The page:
Portals are a powerful mapping feature which allow a variety of rendering effects; they allow an architectural surface to be used as a "window" which can display something besides the texture that would normally cover the surface. Anything from simple fixed plane, to another area of the map can be rendered within these surfaces via the same architecture.
'Portal window' refers to the area of the screen that a portal occupies. For example:
This is a simple map with no portal surfaces, and no portal window.
This is the same simple map with a fixed plane portal applied to the ceiling of the sector. The portal window is outlined in white.
This is the map, but the same plane portal is applied to the ceiling and the far wall. The two surfaces display the same portal, and as such, they share a common portal window (also outlined in white).
All surfaces in a scene that have a common portal will share the same portal window.
A sector off of the main map area which is used by line or sector specials as a model, or as housing for lines which need to be a specific size.
Fixed Plane Portals
Fixed plane portals (as the name implies) render a single, fixed plane into the portal window. The plane is always rendered a the same height and texture offset even when the camera changes it's position.
- 283 Apply fixed plane portal to the ceilings of tagged sectors
- 284 Apply fixed plane portal to the floors of tagged sectors
- 285 Apply fixed plane portal to the floors and ceilings of tagged sectors
The front side sector of the special line is used to generate the plane. The ceiling texture, sector light, and ceiling texture scrolling are all used as attributes for the rendered fixed plane. The absolute height of the ceiling is used as the height of the plane. That is, if the special line front sector has a ceiling height of 64, the plane will always render at 64 units above the camera height. If the ceiling height is 128, the plane will always render at 128 units above the camera height, and so on.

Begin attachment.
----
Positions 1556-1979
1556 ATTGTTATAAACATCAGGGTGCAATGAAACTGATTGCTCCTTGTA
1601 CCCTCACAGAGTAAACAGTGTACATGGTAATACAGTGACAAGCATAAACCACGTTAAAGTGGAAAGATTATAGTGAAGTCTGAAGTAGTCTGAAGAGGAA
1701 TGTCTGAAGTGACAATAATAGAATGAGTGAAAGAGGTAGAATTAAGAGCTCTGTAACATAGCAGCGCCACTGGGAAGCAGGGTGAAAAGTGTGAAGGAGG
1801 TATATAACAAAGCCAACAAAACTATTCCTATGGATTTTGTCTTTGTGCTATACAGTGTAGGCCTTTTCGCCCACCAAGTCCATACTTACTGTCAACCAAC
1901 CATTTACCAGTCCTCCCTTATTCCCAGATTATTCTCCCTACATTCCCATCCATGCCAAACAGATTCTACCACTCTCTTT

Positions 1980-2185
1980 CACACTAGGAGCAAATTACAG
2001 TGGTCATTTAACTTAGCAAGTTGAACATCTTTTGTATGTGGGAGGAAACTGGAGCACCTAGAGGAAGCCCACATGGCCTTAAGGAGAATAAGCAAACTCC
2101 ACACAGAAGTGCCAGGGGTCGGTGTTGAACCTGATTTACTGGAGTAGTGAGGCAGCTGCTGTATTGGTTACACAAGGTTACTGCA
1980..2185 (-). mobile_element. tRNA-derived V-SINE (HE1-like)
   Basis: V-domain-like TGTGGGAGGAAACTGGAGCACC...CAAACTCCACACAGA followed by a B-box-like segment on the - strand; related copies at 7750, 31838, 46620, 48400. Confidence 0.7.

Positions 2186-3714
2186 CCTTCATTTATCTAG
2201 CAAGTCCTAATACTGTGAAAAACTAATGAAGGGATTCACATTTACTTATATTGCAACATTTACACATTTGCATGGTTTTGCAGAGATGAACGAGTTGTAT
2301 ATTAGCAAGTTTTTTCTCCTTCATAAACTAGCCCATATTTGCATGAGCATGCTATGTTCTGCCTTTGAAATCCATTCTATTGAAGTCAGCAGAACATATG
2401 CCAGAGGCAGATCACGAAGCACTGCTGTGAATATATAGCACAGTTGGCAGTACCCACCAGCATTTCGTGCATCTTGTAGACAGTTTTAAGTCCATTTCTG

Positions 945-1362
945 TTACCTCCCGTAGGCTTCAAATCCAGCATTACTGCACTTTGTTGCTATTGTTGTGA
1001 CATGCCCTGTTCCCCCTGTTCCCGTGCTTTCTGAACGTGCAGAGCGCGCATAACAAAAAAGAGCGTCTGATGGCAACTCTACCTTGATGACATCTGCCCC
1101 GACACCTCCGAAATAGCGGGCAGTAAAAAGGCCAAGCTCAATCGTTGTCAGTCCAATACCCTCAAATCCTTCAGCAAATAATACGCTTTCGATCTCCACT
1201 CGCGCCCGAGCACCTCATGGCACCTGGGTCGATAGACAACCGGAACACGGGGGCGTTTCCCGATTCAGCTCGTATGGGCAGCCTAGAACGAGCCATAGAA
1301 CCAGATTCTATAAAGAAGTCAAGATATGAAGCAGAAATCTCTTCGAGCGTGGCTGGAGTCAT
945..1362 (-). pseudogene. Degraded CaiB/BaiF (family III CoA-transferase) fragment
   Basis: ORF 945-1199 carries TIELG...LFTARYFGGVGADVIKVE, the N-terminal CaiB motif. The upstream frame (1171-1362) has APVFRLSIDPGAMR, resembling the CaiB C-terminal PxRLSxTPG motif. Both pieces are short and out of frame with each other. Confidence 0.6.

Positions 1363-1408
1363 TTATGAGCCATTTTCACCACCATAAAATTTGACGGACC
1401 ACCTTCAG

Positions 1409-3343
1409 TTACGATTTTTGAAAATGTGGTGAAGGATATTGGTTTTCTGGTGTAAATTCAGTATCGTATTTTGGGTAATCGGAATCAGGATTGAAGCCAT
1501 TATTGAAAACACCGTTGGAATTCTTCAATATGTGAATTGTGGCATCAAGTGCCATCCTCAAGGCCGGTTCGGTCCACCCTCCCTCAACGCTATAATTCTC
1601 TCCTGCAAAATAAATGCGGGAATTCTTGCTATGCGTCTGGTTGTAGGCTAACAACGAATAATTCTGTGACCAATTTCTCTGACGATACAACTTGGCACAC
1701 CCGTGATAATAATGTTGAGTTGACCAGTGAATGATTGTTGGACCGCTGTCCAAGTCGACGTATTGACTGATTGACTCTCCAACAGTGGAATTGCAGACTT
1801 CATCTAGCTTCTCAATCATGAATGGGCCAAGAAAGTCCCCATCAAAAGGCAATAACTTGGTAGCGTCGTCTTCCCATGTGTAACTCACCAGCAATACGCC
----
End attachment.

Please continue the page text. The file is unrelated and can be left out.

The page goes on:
The left image shows a simple map with a small sector off to the side of the rest of the map. One of the lines in this sector has been given a 283 special which will apply a fixed play portal to all tagged sector ceilings. The height of the dummy sector is set to 128, the blue water texture FWATER1 is the ceiling texture, there is no scrolling applied to the ceiling, and the ceiling height is 128.
The right image shows what the map looks like in Eternity. Notice the rendered height of the plane is the same as a ceiling 128 units above eye level.
The line special 289 can be used to apply fixed plane portals to walls as well. The special will find a portal with the same line tag and will display that portal on the surface of the line.
Here is the map from above:
The highlighted wall has been given a special of 289 and tagged to the portal line. In-game, the tagged wall now displays the portal. Note: The 289 line special works for all portal types.
Horizon Plane Portals
Horizon portals display two planes which appear to go on forever until they meet in the middle (horizon). The plane coordinates are not fixed, and will appear to move with the camera. This can be used to achieve the illusion that water or grass goes off far into the distance without having to make overly large sectors.